In step 350, the first/next fail record is received from the fail register and it is determined if the first (or next) fail record fail type field indicates a wordline or a bitline fail. If a wordline fail is indicated the method proceeds to step 360 otherwise to step 365. In step 360 the repair register ignores the data field of the record, stores the fail record and issues a repair wordline command to the repair register. The method then proceeds to step 370. In step 370 it is determined if another fail record is to be received from the fail register. If so, then the method loops back to step 350, otherwise the method proceeds to step 375.
In step 365 the repair register ignores the wordline field of the record, stores repair record and issues a repair bitline command to the redundancy register. The method then proceeds to step 370. In step 370 it is determined if another fail record is to be received from the fail register. If so, then the method loops back to step 350, otherwise the method proceeds to step 375.
In step 375, it is determined if more testing of the memory macro is to be performed. If so, then the method loops back to step 300, otherwise the method terminates or proceeds to testing another memory macro.
Steps 385 through 400 are performed only in enhanced mode. In step 385, up to three comparisons between the current fail record from fail register 160 (see
Steps 300 through 400 will repeat for each memory macro to be tested.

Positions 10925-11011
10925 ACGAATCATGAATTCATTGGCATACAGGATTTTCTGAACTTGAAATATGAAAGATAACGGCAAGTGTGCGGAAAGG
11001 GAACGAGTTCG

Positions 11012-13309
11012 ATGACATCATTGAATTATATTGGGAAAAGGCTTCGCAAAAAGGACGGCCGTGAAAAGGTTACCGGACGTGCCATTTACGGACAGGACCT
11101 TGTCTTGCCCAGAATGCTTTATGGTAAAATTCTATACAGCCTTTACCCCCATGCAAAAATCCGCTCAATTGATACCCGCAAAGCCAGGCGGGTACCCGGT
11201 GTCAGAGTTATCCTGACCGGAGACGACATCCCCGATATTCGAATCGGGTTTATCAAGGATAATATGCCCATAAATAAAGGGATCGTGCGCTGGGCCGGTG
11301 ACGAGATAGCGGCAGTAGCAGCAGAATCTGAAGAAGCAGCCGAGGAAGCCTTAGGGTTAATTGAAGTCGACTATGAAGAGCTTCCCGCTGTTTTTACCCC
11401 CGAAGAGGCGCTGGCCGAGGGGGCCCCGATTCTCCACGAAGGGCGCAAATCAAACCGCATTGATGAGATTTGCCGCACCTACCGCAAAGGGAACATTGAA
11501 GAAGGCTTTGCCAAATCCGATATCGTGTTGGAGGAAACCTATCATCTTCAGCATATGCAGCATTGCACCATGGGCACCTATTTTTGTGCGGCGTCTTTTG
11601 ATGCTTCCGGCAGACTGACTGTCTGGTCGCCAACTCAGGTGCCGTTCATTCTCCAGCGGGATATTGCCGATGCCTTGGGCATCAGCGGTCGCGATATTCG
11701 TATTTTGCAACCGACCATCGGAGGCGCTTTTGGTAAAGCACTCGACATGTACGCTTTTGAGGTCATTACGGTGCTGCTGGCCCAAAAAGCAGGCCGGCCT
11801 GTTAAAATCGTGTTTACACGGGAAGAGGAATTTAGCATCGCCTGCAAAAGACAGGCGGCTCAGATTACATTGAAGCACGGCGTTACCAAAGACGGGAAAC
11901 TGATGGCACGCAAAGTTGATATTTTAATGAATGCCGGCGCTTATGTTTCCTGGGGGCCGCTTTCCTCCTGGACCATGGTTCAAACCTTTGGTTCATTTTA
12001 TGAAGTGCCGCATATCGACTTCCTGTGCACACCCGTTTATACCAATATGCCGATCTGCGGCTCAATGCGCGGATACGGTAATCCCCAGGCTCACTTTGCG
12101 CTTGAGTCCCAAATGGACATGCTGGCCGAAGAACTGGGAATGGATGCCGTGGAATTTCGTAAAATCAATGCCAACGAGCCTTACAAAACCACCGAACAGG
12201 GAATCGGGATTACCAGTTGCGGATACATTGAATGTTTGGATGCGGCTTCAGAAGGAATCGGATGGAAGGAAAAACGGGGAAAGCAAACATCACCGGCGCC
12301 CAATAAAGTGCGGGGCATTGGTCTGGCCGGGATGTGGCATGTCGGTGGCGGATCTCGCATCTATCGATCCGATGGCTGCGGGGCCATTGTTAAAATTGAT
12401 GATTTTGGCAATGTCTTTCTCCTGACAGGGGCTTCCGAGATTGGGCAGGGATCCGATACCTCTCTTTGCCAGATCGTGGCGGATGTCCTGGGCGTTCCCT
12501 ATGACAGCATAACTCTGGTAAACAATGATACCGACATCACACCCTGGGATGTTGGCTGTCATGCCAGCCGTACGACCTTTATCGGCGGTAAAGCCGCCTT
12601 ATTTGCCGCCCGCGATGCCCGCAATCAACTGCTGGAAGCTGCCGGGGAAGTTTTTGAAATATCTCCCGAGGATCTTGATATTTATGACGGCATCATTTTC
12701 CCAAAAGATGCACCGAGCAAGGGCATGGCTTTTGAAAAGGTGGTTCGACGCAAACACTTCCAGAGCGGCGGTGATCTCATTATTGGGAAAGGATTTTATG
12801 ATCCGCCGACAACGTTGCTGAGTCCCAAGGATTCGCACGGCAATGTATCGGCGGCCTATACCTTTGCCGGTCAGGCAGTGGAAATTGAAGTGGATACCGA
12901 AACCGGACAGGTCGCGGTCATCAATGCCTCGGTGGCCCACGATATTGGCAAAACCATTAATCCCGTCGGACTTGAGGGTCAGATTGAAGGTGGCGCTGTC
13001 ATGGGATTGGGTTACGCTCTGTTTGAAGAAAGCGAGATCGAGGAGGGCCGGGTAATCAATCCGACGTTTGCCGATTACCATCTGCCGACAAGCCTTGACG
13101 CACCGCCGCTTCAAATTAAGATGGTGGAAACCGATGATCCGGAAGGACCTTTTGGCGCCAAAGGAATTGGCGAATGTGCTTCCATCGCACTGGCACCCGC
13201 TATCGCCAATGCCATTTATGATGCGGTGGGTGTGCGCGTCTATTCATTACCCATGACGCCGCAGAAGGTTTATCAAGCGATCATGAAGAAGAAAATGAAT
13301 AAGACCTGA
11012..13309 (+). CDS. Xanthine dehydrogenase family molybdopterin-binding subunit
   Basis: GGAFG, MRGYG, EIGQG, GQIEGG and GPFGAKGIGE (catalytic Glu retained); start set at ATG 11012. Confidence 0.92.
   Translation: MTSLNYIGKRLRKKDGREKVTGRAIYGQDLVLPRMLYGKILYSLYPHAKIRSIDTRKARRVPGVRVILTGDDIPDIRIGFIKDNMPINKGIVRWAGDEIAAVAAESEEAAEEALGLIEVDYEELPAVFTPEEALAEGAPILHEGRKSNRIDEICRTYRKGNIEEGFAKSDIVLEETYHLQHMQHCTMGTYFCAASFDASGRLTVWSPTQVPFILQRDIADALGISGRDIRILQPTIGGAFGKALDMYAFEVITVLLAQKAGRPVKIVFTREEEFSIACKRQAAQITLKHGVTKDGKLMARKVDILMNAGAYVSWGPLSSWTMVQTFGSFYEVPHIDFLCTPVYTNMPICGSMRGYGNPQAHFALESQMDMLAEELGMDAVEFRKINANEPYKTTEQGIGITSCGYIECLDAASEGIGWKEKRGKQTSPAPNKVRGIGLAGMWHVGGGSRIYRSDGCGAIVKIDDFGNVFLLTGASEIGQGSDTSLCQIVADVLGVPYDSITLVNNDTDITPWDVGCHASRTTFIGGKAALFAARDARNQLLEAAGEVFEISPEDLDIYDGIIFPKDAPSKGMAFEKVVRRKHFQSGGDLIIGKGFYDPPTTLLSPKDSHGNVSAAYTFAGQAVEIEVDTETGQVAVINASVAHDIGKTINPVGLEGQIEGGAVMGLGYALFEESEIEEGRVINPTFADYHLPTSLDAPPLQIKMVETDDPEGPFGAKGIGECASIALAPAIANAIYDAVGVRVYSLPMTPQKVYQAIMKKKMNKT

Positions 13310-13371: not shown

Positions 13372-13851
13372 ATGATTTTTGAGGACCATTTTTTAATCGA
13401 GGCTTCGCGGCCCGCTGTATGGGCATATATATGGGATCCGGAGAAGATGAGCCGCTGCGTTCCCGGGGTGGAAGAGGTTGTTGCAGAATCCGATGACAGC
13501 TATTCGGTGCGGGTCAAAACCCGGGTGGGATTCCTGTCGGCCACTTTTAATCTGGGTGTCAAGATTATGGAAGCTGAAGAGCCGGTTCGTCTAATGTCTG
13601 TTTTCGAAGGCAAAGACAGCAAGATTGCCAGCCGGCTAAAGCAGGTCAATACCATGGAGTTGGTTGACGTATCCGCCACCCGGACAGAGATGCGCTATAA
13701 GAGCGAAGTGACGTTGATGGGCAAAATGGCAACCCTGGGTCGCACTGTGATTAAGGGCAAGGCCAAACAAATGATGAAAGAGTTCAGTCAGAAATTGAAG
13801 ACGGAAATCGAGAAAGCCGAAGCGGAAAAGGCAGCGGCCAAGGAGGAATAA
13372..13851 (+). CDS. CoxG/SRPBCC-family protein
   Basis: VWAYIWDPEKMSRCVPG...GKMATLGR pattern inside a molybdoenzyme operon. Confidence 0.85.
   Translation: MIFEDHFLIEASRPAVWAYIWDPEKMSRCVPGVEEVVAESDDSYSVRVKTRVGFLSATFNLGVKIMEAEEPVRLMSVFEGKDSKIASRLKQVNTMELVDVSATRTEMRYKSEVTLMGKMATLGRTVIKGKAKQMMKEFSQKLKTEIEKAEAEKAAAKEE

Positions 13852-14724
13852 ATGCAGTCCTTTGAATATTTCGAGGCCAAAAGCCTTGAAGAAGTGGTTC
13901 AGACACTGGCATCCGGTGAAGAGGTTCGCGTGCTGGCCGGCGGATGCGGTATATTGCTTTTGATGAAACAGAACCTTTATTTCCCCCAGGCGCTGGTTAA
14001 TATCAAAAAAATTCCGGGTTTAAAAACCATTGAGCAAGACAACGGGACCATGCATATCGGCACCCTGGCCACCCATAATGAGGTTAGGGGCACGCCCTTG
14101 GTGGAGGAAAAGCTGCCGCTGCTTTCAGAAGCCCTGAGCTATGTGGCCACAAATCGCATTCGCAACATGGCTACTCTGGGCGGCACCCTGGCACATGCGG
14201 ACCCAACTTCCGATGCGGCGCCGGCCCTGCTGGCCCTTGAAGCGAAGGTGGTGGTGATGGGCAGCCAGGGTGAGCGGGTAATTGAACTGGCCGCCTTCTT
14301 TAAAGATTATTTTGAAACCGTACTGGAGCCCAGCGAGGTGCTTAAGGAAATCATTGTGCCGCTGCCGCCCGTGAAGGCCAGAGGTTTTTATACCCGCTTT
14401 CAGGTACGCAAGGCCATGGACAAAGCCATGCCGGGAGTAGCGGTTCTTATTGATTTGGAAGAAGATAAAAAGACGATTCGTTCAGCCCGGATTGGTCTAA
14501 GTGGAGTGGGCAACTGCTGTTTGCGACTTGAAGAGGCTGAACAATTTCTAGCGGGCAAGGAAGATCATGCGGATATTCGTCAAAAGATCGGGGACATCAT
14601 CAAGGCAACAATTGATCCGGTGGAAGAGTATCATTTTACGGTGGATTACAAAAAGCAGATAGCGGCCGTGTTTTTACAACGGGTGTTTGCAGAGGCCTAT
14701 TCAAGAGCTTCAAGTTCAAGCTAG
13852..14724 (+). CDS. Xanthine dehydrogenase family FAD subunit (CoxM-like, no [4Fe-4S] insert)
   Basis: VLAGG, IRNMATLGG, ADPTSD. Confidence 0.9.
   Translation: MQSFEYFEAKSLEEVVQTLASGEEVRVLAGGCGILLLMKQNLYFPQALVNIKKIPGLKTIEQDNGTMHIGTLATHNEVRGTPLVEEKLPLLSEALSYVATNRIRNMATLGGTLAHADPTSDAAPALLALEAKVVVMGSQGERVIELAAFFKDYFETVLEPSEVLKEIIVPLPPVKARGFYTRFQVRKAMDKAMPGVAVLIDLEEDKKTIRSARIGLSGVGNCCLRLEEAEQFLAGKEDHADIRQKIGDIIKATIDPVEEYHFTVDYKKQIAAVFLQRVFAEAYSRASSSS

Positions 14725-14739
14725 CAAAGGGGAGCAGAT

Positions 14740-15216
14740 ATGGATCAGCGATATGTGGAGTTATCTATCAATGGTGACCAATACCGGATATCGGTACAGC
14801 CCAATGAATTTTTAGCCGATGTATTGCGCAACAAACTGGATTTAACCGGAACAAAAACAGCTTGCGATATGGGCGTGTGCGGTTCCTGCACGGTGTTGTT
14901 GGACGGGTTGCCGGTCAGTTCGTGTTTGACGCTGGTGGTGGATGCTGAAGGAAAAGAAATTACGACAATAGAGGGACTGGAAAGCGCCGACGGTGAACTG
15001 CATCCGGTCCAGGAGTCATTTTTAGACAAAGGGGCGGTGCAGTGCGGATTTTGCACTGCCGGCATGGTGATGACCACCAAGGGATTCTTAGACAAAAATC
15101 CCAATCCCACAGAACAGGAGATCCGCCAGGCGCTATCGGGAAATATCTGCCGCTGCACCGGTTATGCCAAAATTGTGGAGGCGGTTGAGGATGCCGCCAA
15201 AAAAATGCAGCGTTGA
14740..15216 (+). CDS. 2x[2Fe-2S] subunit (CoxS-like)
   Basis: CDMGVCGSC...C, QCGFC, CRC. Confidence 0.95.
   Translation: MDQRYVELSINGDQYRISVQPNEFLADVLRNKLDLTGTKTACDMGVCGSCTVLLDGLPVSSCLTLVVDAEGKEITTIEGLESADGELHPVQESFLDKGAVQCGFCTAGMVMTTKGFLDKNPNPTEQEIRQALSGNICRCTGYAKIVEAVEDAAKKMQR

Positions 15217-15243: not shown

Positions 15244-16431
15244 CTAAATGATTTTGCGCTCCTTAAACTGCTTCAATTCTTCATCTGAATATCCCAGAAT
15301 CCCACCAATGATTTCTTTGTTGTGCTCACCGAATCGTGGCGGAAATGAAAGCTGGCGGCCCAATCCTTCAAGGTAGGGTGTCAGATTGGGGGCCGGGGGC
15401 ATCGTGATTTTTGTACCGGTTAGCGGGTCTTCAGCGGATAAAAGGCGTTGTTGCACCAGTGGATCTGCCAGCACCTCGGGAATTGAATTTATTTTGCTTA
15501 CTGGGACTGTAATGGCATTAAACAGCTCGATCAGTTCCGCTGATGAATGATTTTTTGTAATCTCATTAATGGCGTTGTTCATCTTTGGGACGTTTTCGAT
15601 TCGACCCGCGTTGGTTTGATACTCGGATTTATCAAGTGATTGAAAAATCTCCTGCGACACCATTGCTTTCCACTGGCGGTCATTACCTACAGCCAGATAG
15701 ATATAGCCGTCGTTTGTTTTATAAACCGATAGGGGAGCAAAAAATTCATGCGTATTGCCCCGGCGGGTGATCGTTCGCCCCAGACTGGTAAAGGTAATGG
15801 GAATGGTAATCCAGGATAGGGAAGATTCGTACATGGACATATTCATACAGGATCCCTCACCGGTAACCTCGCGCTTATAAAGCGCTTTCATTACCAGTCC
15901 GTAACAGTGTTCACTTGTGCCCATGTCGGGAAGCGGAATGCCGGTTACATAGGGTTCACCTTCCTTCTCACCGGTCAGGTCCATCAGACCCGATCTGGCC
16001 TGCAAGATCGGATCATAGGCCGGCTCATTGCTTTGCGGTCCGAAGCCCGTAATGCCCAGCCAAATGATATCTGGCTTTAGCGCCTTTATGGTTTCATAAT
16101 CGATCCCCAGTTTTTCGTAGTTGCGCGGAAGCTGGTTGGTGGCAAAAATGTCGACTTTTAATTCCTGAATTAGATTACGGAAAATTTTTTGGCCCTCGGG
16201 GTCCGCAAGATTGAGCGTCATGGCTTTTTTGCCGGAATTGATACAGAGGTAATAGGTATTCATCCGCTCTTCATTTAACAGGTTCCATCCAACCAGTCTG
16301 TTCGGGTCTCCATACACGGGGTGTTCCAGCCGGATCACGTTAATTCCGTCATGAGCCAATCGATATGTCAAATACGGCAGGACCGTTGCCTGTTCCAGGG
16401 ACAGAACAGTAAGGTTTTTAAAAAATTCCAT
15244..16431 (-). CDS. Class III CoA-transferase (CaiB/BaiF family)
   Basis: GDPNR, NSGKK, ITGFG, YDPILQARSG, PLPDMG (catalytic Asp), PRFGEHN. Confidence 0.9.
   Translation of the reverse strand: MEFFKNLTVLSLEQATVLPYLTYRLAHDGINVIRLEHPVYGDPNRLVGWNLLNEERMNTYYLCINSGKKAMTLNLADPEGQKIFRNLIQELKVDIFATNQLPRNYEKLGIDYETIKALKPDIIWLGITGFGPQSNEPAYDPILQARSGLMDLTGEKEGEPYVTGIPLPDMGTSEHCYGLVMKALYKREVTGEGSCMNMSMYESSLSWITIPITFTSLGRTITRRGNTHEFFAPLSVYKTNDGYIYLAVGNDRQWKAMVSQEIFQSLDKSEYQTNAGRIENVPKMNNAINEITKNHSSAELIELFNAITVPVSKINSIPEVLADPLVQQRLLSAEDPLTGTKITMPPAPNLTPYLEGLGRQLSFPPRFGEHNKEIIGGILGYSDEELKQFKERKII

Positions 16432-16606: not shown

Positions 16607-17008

Design process 510 may include using a variety of inputs; for example, inputs from library elements 530 which may house a set of commonly used elements, circuits, and devices, including models, layouts, and symbolic representations, for a given manufacturing technology (e.g., different technology nodes, 32 nm, 45 nm, 50 nm, etc.), design specifications 540, characterization data 550, verification data 560, design rules 570, and test data files 585 (which may include test patterns and other testing information). Design process 510 may further include, for example, standard circuit design processes such as timing analysis, verification, design rule checking, place and route operations, etc. One of ordinary skill in the art of integrated circuit design can appreciate the extent of possible electronic design automation tools and applications used in design process 510 without deviating from the scope and spirit of the invention. The design structure of the invention is not limited to any specific design flow.
Design process 510 preferably translates an embodiment of the invention as shown in
Thus, the embodiments of the present invention provide a method, an apparatus and design structure to reduce the area impact of test circuits of embedded memory macros without significant reduction in test coverage or increase in test time.
The description of the embodiments of the present invention is given above for the understanding of the present invention. It will be understood that the invention is not limited to the particular embodiments described herein, but is capable of various modifications, rearrangements and substitutions as will now become apparent to those skilled in the art without departing from the scope of the invention. Therefore, it is intended that the following claims cover all such modifications and changes as fall within the true spirit and scope of the invention.
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|U.S. Classification||714/733, 714/734, 714/736|
|Cooperative Classification||G11C29/72, G11C29/44, G11C29/4401|
|European Classification||G11C29/44, G11C29/44A|
|Mar 12, 2008||AS||Assignment|
Owner name: INTERNATIONAL BUSINESS MACHINES CORPORATION, NEW Y
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Owner name: INTERNATIONAL BUSINESS MACHINES CORPORATION, NEW Y